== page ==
Gus Fisher Gallery

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The Gus Fisher Gallery is part of the University of Auckland's National Institute of Creative Arts and Industries (NICAI), and is located in the Kenneth Myers Centre, a historic building restored in 2000 with the help of the gallery's patron, Gus Fisher (1920–2010).[1]

It is operated by the University of Auckland Centre for Art Research, which was established in 2005 to support and develop the academic and research activities connected with the Gus Fisher Gallery, The University of Auckland Art Collection, and Window. The gallery aims to present a balanced and relevant programme of curated exhibitions of contemporary and historical art, which interrogates current visual arts knowledge nationally and internationally.

In 2008, The Gus Fisher Gallery was awarded Metro Magazine's Best Arts Institution in Auckland, from their annual Best of Auckland Issue.[2]

The Gus Fisher Gallery is free, and open Tuesday to Friday, 10am – 5pm, and Saturday 12pm - 4pm.

Kenneth Myers Centre[edit]

The Gus Fisher Gallery is located in the former broadcasting building at 74 Shortland Street – now renamed the Kenneth Myers Centre to honour the father of principal benefactor, Douglas Myers.[3] The "strikingly original structure" built in 1934 is registered by Heritage New Zealand as a Category I building.[4]

Centre for Art Research[edit]

The University of Auckland Centre for Art Research develops, supports and promotes scholarship, learning, and community engagement in the visual arts. It is an important platform for research at The University of Auckland and provides a public interface for engagement with the wider Auckland and New Zealand communities.

Established in 2006, the Centre is entrusted to manage and develop the University’s extensive and valuable art collection, to coordinate the busy exhibition programme of the Gus Fisher Gallery, and to support and guide the student team that leads the activities of the online and onsite student-curated gallery, Window. The Centre also liaises closely with those other parts of the University engaged in similar or complementary activities with a view to maximising opportunities to profile key initiatives. The Centre was originally named the Centre for New Zealand Art Research and Discovery (CNZARD) but was renamed the Centre for Art Research in 2012.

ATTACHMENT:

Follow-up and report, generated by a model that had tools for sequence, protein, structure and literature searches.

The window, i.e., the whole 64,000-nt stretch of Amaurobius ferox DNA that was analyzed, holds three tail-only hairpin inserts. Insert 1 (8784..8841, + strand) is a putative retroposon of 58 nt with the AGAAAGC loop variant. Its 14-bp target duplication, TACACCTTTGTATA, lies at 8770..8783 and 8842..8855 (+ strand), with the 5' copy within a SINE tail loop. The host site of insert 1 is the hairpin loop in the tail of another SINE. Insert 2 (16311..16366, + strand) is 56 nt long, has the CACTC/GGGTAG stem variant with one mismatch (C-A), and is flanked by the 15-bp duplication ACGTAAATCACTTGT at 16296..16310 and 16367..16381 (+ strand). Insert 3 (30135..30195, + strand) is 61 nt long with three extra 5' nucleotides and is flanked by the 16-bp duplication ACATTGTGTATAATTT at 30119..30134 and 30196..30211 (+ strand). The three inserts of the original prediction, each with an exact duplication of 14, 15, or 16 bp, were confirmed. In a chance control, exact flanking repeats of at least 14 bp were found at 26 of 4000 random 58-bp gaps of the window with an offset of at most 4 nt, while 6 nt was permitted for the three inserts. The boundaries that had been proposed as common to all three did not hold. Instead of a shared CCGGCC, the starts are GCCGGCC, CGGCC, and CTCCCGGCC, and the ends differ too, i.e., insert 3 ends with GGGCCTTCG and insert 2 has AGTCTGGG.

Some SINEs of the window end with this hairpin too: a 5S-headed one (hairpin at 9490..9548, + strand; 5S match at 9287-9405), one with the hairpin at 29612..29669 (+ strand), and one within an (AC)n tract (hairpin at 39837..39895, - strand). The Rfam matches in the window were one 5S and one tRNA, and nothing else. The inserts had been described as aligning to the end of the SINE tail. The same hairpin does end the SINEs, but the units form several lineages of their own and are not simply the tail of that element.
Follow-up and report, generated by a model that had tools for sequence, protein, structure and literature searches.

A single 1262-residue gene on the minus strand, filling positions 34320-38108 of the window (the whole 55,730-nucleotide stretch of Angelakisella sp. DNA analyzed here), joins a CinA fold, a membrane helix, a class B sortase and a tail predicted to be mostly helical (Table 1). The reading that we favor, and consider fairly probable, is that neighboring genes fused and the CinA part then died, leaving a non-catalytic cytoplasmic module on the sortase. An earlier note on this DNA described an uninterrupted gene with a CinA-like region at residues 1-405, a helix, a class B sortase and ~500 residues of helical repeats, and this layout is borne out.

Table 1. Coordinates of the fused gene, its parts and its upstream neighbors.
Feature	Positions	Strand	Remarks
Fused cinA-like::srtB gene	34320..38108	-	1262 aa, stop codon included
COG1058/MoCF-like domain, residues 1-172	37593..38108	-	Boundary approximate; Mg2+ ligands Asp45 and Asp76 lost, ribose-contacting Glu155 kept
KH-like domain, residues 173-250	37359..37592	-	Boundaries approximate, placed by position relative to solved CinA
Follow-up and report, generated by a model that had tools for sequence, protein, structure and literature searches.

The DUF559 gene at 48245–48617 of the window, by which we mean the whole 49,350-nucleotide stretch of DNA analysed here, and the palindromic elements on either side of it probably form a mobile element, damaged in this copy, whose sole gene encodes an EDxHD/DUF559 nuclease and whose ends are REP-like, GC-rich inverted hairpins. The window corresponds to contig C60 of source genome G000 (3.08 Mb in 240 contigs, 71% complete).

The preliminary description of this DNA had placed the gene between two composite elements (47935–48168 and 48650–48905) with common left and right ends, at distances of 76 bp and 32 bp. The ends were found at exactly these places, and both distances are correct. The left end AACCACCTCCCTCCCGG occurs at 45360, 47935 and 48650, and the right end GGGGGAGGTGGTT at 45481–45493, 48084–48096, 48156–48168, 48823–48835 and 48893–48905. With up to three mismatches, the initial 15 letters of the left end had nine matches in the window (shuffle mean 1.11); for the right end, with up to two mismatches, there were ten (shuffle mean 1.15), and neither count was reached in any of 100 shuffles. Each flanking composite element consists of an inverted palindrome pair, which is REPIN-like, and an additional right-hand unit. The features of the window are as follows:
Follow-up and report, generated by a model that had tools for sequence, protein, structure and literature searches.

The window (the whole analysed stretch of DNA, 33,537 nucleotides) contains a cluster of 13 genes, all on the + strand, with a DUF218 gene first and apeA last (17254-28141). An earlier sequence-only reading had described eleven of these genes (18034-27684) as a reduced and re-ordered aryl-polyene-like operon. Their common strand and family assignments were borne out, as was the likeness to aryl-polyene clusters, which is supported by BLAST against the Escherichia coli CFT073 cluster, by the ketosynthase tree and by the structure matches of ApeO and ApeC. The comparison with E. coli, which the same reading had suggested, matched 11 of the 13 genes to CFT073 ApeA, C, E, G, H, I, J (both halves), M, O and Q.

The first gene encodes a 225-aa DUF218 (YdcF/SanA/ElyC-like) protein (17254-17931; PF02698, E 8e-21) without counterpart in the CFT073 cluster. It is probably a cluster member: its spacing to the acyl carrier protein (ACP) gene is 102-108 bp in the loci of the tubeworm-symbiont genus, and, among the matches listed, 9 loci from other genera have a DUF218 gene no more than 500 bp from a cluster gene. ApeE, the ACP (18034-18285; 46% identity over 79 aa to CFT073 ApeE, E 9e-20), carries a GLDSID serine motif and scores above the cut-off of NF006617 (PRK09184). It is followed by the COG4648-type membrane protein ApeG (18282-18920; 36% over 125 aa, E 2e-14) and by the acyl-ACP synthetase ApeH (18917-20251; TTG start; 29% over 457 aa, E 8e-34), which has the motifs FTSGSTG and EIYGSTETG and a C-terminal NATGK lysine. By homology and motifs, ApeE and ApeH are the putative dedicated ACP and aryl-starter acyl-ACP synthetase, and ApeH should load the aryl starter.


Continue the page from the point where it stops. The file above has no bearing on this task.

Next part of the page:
The University of Auckland Art Collection[edit]

Established in 1966 by Keith Sinclair and Bob Chapman, The Art Collection is one of the University’s most valuable and cherished assets.[5] However, its most poignant value lies in its use as a resource for teaching, learning and research. Available on loan to departments and faculties on all campuses, the Collection has been built up over forty years to include major works by significant artists such as Frances Hodgkins, Colin McCahon, Billy Apple and Ralph Hotere.[6] Outcomes from postgraduate research on the Collection have included a thesis on its own history as an entity, monograph exhibitions on individual artists, and surveys of the impact of the evolution of the Collection on Auckland’s dealer galleries, resulting in the exhibitions and publications Vuletic and His Circle (about the Petar/James Gallery) in 2003 and New Vision Gallery in 2008.

References[edit]

  1. ^ "Our donors". Ingenio. Spring 2008: 11. ISSN 1176-211X
  2. ^ "Best Arts, Culture and Architecture". Metro Magazine. December 2008: 36
  3. ^ "Our Donors". Ingenio. Spring (2008). 10. ISSN 1176-211X
  4. ^ "1YA Radio Station Building (Former)". Register of Historic Places. Heritage New Zealand. Retrieved 27 July 2016. 
  5. ^ Dunn, Michael. The University of Auckland. Auckland: Woolmore Publishing,1983.
  6. ^ Dunn, Michael. "The University of Auckland". Art New Zealand. Number 26, Autumn 1983: 48

External links[edit]